Heidegger and Merleau-Ponty: art and the bodily emergence of meaning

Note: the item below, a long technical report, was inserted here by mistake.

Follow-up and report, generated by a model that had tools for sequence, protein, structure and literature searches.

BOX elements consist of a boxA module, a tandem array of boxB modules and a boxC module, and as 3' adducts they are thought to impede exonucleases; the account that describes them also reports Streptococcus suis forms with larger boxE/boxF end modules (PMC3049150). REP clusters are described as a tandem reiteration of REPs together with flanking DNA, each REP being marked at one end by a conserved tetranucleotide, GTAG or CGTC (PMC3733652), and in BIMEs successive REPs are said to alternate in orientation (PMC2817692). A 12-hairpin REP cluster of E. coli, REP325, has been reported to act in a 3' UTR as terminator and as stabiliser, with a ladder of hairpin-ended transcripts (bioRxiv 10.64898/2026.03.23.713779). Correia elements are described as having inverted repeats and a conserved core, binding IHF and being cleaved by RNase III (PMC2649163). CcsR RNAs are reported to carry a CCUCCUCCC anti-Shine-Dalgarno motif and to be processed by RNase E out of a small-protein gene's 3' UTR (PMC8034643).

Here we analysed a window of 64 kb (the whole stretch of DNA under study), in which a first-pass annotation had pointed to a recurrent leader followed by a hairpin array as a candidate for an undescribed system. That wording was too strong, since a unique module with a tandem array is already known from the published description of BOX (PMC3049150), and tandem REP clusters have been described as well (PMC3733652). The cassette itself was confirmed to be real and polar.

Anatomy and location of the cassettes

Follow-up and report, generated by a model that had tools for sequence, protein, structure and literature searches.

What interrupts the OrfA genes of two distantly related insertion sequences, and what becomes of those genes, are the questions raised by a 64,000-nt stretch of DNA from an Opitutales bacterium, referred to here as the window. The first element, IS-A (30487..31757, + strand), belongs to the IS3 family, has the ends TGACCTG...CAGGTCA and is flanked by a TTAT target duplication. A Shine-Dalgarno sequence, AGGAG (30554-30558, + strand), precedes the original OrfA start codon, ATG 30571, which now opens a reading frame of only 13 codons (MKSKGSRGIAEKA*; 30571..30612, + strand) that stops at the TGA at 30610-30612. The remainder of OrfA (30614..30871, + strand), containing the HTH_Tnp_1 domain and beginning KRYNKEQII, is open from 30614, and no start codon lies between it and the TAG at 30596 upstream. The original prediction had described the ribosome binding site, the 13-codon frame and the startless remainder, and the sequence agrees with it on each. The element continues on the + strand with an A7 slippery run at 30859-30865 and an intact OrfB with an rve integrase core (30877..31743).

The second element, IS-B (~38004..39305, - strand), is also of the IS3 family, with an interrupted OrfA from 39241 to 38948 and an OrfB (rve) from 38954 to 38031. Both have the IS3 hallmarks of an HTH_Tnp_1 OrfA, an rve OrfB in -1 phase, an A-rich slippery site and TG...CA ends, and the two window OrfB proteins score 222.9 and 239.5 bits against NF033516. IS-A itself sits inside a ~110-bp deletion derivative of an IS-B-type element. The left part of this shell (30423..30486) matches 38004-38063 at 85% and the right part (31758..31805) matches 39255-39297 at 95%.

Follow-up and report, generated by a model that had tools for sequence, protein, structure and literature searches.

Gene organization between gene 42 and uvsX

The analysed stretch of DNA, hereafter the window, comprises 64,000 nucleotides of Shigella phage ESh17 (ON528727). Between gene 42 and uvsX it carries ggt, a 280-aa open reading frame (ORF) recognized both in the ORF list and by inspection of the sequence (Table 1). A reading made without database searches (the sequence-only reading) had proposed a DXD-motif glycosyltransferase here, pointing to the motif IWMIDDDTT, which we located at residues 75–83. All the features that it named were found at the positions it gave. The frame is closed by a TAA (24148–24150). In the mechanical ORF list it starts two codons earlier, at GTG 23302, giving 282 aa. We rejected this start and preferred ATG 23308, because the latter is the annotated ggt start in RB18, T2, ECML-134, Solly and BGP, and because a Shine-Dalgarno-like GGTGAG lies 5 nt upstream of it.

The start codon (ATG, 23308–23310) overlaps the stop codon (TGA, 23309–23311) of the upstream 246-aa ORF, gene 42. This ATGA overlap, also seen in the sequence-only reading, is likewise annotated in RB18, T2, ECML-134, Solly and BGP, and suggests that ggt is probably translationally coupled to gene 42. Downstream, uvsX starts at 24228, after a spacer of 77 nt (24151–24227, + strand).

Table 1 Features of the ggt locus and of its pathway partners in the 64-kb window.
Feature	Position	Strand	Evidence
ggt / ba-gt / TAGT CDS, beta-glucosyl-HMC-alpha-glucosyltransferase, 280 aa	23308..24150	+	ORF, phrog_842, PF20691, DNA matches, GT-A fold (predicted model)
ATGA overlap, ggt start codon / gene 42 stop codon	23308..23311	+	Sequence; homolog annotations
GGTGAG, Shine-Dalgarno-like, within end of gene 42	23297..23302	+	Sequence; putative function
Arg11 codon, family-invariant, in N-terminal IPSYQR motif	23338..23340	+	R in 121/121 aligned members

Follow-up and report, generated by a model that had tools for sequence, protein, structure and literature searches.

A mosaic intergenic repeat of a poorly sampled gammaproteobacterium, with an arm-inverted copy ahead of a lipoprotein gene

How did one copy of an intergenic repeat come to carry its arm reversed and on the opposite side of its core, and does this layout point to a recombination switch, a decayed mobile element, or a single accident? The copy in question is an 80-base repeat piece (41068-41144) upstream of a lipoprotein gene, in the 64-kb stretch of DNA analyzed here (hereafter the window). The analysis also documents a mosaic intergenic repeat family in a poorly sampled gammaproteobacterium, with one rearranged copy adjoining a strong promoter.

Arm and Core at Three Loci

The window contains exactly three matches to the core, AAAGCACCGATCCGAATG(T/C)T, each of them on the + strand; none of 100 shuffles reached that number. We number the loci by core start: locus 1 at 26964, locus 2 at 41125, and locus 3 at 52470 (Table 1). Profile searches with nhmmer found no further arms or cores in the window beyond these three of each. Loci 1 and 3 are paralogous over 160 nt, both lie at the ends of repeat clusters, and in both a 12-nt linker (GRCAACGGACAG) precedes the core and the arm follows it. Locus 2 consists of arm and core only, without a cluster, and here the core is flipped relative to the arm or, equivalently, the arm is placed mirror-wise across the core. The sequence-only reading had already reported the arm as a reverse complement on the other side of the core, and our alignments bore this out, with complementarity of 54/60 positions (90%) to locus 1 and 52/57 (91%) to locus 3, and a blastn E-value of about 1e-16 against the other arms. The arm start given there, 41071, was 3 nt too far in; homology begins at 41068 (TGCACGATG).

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The present paper explores parallels between Heidegger’s and Merleau-Ponty’s views on the body phenomenon problem, paticularly considering the articulation between language, gesture and art. Initially, I argue that Heidegger and Merleu-Ponty find similar connections between body and language, in light of an ontological approach to language in which language is considered to be a structural component of existence. Accordingly, I suggest that both philosophers introduce the notion of gesture in order to articulate the relationship between body and language, thus showing that meaning is inherent to bodily comportments, something that is particularly clear in artistic practices. Then, I conclude that both Heidegger and Merleau-Ponty consider gesture to be a creative response to the world, which discloses latent meanings of things, just as happens with the work of art. In this sense, the notion of gesture alludes to a spontaneous or creative capacity that belongs to Being, that pertains to our background understanding of the world, and therefore cannot be confined either to the limits of a subject or to the limits of a body-object.
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